Monday, November 19, 2007

Seattle restaurateur spills the beans on the coffee industry

Saturday, November 17, 2007 staff

SEATTLE – Michael Hebberoy is known in the Pacific Northwest for his underground dining projects.

He operates One Pot, a roving restaurant of sorts that operates away from the eyes of health inspectors and serves meals in unexpected places, like abandoned Seattle garages and glass studios.

But a project with Seattle coffee roastery Caffé Vita is taking his dinner events as far away as Guatemala, Ethiopia and Brazil.

He's accompanying Vita on buying trips where the roastery is forging relationships with coffee farmers. Along the way, Hebberoy cooks for the locals, and gets them talking about the state of coffee in their country. He is documenting what he learns in an online media project that's just getting started. Through photos, video and journal entries, he aims to help coffee-drinkers learn a little more about where their favorite beverage comes from.

"For me, it's the opportunity to tell stories that aren't being told," he said. "(Coffee) is this great thing, well appreciated and a lot of us need it daily. It is also the second most valuable commodity traded on the planet next to oil … It comes from very war-torn, controversial, conflicted areas on the planet."
Caffe Vita has decided to buy its beans directly from the source, eliminating all coffee brokers and middlemen. This is important because, "there's sometimes anywhere between 10 and 15 hands that touch the coffee before it gets to final consumer," Hebberoy said. "It does a number of things in regards to quality."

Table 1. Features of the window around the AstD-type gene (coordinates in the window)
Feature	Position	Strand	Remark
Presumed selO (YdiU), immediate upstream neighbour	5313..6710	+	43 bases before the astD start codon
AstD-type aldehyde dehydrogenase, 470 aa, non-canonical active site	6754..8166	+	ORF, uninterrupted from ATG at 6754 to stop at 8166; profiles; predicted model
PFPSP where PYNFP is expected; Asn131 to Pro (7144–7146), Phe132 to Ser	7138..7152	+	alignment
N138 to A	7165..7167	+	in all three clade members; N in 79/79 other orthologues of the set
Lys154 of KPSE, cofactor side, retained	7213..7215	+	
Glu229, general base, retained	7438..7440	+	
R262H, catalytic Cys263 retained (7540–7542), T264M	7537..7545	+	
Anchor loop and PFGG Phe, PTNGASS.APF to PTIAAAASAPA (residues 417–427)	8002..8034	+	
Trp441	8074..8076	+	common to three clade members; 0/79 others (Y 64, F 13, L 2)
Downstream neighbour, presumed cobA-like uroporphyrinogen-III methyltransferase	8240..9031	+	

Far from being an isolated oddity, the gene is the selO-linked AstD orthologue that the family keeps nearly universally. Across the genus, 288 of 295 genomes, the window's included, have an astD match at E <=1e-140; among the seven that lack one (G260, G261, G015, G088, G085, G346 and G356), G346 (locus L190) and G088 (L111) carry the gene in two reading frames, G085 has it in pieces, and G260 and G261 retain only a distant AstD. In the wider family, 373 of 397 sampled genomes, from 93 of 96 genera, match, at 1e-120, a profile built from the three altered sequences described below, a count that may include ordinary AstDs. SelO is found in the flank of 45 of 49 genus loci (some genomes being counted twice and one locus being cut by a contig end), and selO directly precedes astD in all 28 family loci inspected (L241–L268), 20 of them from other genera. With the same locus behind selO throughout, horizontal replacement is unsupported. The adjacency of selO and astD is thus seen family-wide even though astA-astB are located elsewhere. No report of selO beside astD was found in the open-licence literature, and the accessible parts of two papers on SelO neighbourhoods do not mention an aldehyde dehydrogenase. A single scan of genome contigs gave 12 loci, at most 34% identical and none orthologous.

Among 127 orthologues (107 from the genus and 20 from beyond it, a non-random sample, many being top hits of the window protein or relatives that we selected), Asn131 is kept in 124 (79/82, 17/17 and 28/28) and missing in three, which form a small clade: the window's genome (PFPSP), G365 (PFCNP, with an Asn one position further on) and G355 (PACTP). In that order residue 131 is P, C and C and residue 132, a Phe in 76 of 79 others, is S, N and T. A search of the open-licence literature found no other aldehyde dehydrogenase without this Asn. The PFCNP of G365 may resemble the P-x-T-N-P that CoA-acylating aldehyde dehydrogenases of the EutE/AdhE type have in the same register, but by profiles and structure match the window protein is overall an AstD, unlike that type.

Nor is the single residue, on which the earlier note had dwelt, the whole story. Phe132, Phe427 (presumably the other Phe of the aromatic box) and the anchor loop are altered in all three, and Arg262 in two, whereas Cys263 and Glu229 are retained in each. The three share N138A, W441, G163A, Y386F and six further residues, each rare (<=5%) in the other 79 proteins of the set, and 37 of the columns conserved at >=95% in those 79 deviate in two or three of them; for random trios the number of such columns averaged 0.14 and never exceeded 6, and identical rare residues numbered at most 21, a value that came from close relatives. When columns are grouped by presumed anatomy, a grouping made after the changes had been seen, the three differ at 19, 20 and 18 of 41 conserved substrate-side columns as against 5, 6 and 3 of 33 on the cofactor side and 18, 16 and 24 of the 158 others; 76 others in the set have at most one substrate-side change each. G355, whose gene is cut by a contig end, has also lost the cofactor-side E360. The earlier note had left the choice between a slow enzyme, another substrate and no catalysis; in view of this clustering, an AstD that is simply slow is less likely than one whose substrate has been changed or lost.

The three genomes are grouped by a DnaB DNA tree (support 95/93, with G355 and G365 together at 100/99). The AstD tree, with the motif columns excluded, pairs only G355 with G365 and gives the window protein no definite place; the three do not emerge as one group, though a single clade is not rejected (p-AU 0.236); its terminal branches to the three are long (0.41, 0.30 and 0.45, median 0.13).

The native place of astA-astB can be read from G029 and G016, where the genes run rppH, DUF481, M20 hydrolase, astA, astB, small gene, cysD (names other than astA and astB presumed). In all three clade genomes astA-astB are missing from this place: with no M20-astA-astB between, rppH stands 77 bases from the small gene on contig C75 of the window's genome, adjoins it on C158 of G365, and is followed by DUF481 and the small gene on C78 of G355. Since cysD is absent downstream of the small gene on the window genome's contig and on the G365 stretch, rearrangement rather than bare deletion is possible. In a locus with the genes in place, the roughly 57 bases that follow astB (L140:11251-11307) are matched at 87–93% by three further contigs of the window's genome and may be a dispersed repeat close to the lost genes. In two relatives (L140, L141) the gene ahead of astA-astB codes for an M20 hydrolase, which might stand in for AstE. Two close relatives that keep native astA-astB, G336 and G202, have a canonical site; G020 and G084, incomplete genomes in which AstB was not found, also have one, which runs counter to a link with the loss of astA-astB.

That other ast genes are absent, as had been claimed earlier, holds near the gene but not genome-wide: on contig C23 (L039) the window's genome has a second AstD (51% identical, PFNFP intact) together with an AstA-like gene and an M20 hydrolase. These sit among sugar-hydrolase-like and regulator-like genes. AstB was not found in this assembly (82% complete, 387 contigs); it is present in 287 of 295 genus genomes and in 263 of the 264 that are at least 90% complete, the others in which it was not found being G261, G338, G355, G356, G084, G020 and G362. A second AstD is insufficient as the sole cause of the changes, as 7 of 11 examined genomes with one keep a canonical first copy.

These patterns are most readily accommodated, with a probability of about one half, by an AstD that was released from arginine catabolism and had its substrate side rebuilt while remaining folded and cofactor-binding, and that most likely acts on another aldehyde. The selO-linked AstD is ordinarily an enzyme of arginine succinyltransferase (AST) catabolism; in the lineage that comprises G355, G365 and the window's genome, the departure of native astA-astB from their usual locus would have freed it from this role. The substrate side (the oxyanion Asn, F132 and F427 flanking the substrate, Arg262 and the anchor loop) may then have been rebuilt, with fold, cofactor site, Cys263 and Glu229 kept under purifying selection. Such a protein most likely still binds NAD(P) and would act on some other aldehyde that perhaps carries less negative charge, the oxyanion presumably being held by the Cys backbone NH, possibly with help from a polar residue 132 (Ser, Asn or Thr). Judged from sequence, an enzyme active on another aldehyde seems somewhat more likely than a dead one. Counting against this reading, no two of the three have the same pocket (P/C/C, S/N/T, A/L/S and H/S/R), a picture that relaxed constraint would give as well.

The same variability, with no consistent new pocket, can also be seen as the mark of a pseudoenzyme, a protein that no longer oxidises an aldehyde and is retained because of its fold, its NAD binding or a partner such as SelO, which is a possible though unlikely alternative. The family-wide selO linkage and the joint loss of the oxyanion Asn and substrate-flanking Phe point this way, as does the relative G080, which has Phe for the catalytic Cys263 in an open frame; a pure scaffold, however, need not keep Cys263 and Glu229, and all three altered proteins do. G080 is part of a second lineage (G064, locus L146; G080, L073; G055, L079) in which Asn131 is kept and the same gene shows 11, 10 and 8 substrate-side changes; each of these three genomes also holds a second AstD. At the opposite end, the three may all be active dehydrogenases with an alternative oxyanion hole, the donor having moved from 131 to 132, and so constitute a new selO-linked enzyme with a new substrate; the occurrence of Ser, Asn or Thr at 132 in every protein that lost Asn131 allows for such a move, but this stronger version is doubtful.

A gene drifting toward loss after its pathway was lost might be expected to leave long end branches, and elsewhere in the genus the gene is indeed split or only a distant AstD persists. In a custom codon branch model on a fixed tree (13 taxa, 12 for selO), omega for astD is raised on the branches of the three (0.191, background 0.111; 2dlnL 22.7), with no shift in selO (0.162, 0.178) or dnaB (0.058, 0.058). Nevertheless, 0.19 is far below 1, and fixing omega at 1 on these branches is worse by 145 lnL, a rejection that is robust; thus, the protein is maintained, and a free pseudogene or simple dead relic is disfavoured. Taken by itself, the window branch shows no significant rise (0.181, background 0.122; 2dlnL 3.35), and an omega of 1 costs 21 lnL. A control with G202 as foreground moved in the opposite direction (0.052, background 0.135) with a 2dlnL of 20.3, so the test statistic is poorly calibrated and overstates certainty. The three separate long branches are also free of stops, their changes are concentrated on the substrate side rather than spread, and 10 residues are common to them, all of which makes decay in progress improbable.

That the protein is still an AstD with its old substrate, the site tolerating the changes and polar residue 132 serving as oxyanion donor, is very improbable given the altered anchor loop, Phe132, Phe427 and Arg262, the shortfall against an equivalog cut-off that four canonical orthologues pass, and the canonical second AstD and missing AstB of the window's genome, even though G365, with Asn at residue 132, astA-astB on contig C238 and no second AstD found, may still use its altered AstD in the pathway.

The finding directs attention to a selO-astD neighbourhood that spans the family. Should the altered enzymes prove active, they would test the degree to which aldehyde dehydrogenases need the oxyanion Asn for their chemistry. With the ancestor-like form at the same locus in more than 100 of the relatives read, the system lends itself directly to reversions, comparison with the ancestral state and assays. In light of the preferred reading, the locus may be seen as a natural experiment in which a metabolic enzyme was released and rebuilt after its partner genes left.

Vita employees say the trips allow them to see the actual farms where the coffee is grown, how the workers are being treated, and whether the farmers are socially and ecologically responsible.

"We're able to pay them what they deserve without any money going to any other exporter or importer," said Daniel Shewmaker, a Vita employee who went on the trip to Guatemala.

Besides the Web site, Hebberoy plans to produce small books to distribute in coffee shops to tell the story.

The highlight of each visit is a dinner party he throws together, inviting all the players in the coffee trade – from writers and bankers to fair trade organizers, politicians and farmers. Once he rounds them up at the dinner table, he cooks with them. During the meal, he gets them talking.

In his journal, he describes the dinner party in Guatemala this way:

"The table erupted. the exporter had much to say. So did the Yale-educated granddaughter of a coffee baron, as did several of the more flush estate owners – the actual farmers were mostly quiet. The “vocal set” as we will call them ripped into the side of fair trade – denouncing it as a corrupt system, a flawed system, where often the “premium” price does little more than line the pockets of such and such cooperative manager.

"The exporter had much to say about the quality of the fair trade beans he had received in the past, uneven and dodgy, and the lack of accountability with ever changing management structures. The more vocal diners raised voices in a passionate disgust at how the “developed world” uses their countries impoverishment as a marketing tool."

The drying porch - where coffee is put after it's harvested - at a farm called Finca Nuevo Viñas in Guatemala.

Hebberoy, 31, dove into the project knowing nothing about the coffee trade. For this reason, he calls his project "An Unprofessional Study of Coffee."

Vita employees met one of the farmers they're doing business with at the Guatemala dinner party.

"It's doing business in a very – manner that's so much more human," Shewmaker said. "Sitting down at dinner enabled that to happen."

The project is ongoing. Once back in Seattle, Hebberoy hosts a dinner to present what he learned on each trip. Guests eat the same dish he cooked in that country (in Guatemala - a Mayan stew), drink the coffee they acquired and view video footage .

A trip to Ethiopia is planned for January, and in February the group heads to Indonesia.

"We are in a global economy," he said. "The more of a relationship we have to the products we consume, I think the more the world will change."